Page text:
Illinois Public Media News
Indiana House Democrats have ended their third boycott of divisive right-to-work legislation but are making no promises they won't stall again.
The Democrats' return on Monday gave House Republicans the number of lawmakers needed to take another vote on the proposal to ban unions from collecting mandatory representation fees from workers.
Republicans want Indiana to become the first state in more than a decade to approve right-to-work legislation. Supporters say the measure would bring more jobs, but opponents say it is aimed at breaking unions and would depress wages for all workers.
Democrats blocked the measure with a five-week walkout last year. They want a statewide voter referendum in November to decide the bill's fate.
Republican leaders say such a referendum isn't allowed under the state constitution.
Chicago Mayor Rahm Emanuel offered President Barack Obama some advice on his upcoming State of the Union address Thursday during a panel discussion at the University of Chicago.
Emanuel, who served as Mr. Obama's chief of staff before leaving the White House in 2010, said Tuesday's State of the Union Address is the last time Obama will have to outline his plans for a second term. He said he wants to see his former boss do just that.
"Make it all about the future, because elections are all about tomorrow. They're not about the past," said Emanuel. "If you are going forward looking through the rear view mirror, they'll catch you on that, and you'll have an accident."
Emanuel discouraged the president from using the State of the Union address to detail his accomplishments since taking office three years ago. Emanuel called Mr. Obama an inspirational leader, and said using that image will be one of Mr. Obama's strengths in the upcoming speech.
"If he's big and goes to his strengths as an inspirational leader, he plays to what I think are his more dominant strengths," said Emanuel.
The State of the Union address is scheduled for 8 p.m. on Tuesday, Jan. 24.
(With additional reporting from The Associated Press)
U.S. Sen. Mark Kirk (R-Ill.), 52, has suffered a stroke and has undergone surgery.
Kirk checked himself into Lake Forest Hospital in Illinois on Saturday. He was later transferred to Northwestern Memorial Hospital in Chicago, where tests revealed that he had suffered a stroke.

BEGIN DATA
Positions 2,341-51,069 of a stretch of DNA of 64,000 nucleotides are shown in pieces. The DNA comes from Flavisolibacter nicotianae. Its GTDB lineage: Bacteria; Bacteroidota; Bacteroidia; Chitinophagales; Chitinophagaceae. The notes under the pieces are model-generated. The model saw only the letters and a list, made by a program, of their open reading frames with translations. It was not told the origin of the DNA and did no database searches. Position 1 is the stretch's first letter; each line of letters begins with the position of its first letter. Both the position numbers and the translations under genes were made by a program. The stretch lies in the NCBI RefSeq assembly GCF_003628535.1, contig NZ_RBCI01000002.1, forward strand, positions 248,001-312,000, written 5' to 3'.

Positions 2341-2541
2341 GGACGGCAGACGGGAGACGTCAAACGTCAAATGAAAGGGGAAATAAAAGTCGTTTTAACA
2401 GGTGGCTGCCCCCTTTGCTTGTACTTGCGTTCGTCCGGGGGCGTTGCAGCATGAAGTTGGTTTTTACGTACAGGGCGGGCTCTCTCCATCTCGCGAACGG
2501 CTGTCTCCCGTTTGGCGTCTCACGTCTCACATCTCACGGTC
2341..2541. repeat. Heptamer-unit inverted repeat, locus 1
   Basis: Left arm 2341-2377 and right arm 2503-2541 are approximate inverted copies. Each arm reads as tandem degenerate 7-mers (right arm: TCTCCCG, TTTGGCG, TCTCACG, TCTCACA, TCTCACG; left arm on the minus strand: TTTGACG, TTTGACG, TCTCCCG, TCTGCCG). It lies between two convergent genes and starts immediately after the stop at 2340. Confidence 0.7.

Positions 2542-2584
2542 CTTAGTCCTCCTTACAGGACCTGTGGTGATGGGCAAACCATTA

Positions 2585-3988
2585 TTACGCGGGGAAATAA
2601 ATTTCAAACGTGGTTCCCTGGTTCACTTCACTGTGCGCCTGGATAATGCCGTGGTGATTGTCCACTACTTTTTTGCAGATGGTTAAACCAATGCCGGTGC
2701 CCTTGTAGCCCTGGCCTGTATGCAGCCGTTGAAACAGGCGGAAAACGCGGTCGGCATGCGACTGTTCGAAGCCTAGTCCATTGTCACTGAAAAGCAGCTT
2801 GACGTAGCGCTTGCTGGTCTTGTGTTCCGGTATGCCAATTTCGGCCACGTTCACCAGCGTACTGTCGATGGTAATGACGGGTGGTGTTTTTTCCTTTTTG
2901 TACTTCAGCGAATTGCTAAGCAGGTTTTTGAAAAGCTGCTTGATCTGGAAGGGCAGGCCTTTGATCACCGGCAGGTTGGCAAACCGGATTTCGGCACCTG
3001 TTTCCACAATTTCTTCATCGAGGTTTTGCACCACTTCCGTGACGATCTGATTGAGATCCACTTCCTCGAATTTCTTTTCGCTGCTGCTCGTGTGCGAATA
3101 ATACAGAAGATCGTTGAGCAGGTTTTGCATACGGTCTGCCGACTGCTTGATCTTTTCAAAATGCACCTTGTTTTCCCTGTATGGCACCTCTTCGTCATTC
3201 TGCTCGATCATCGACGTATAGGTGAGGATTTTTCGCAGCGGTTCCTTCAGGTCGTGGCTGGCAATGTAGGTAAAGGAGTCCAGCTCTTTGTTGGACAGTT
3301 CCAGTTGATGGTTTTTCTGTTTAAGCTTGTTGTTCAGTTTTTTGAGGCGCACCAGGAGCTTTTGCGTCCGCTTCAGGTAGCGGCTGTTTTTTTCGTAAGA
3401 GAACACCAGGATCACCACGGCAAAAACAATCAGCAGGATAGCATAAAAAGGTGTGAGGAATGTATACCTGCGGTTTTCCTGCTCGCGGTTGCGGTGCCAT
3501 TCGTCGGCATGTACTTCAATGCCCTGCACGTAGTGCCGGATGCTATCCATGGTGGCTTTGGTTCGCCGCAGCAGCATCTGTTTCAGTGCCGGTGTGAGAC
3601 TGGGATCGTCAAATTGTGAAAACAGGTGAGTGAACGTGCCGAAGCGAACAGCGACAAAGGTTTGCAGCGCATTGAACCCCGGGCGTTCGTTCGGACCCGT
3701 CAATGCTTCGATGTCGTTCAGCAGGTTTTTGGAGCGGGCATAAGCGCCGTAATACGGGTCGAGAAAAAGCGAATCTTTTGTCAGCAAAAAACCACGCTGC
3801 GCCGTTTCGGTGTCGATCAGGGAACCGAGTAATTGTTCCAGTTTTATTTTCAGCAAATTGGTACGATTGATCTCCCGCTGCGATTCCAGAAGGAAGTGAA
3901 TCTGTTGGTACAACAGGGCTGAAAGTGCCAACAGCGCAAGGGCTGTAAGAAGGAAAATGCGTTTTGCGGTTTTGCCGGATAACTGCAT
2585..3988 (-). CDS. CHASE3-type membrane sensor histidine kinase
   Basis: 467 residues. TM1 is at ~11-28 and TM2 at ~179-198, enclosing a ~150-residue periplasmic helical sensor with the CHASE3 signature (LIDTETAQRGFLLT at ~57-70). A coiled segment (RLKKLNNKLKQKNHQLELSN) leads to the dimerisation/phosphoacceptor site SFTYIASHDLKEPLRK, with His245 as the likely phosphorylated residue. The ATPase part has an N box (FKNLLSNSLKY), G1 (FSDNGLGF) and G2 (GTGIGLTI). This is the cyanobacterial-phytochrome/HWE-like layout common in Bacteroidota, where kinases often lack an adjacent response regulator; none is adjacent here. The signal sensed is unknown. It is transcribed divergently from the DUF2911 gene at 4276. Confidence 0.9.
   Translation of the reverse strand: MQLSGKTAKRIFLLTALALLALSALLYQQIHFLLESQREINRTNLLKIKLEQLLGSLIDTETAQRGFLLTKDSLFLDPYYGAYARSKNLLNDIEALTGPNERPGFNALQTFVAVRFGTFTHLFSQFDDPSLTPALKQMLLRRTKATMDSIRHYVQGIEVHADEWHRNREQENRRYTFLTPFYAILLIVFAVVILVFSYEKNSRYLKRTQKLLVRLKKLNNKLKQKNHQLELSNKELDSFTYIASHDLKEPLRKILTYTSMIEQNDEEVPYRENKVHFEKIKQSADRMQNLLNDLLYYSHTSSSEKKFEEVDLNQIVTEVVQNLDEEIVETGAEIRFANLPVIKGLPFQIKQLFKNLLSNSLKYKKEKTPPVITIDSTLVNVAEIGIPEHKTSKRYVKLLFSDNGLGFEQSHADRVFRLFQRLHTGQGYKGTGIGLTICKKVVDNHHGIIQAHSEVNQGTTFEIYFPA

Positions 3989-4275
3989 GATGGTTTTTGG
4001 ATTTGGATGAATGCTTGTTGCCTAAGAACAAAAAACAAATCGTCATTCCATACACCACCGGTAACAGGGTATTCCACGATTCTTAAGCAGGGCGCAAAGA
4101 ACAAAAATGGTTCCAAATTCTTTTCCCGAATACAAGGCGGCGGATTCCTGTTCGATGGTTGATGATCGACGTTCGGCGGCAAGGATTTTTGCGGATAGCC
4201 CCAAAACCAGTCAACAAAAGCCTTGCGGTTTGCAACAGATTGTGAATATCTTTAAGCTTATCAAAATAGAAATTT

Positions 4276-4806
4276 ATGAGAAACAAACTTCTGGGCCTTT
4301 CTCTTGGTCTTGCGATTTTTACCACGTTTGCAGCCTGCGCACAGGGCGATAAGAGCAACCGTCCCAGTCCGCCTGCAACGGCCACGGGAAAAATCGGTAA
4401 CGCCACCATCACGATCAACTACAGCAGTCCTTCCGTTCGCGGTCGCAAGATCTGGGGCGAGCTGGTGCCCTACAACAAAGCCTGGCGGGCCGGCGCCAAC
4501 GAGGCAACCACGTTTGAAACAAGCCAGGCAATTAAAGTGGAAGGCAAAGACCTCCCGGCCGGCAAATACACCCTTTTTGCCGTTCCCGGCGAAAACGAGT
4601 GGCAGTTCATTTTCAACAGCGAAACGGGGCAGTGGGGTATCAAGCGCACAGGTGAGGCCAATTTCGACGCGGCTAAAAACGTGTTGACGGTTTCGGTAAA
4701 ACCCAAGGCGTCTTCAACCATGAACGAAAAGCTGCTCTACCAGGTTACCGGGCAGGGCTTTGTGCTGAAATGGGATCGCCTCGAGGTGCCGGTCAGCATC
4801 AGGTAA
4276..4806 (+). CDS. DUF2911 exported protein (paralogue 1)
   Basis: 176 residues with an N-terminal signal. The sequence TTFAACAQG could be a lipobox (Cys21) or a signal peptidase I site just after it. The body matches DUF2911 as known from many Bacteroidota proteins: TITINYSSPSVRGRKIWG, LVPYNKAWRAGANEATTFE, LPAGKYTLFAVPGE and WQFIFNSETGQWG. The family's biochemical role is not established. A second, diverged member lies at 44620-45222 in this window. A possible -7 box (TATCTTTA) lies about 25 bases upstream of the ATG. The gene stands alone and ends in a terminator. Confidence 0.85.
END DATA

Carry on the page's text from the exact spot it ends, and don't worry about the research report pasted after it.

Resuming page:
Doctors say the stroke occurred on the right side of Kirk's brain, which controls movement of the left arm and left leg. A statement from Kirk's office said he had a tear in the carotid artery on the right side of his neck. Carotid arteries carry blood to the brain. He underwent surgery early Monday morning to relieve brain swelling.
Kirk is in intensive care, but doctors say they are happy with his status, noting that the Senator appeared to recognize those around him and respond to commands.
A statement from Kirk's office said the surgery was successful and that doctors are "very confident'' in his recovery based on his age and health.
Sen. Dick Durbin (D-Ill.) released a statement, saying he expects Kirk will make a speedy recovery.
"I was stunned to learn that Mark suffered a stroke," Durbin said. "I have reached out to his staff and offered to do anything I can to help with his Senate duties."
Illinois Gov. Pat Quinn also issued a statement about Kirk's condition:
"Our heartfelt thoughts and prayers go out to the senator and his family as we wish him a swift and strong recovery. We can all take comfort knowing that as a Navy commander, Sen. Kirk knows how to fight and he will fight through this to return to his work on behalf of the people of Illinois as quickly as possible."
Kirk at times exaggerated his record in the Navy Reserves. He incorrectly said he had been named intelligence officer of the year and took part in the invasion of Iraq. He said he came under fire while on a military flight but wouldn't provide details and stopped making the claim when questioned about it.
"I'm not perfect. I made a mistake and then apologized," Kirk said in a 2010 interview with The Associated Press. "Going forward, the question we have and the choice we make as to who our senator is has a lot less to do with what happened in the 20th century and a lot more with what's happening in the 21st century."
Kirk ended up filling President Barack Obama's old Senate seat in 2010, defeating Democrat Alexi Giannoulias in a close race. Kirk previous served in the U.S. House of Representatives for about 10 years.
He is divorced and has no children.
(Photo by Sean Powers/WILL)
Illinois' Basketball team has now lost two straight, including an upset at home Sunday at the hands of the Wisconsin Badgers.
The 67-63 loss also breaks a 14-game home winning streak dating back into last season. Meyers Leonard led Illinois with 16 points and 11 rebounds, followed by Joseph Bertrand with 15 points.
The team has to wait until Saturday to try and get back on the winning track, taking on the Golden Gophers in Minnesota. Leonard dismissed notions of being too tired in a game that relied little on the Illini bench.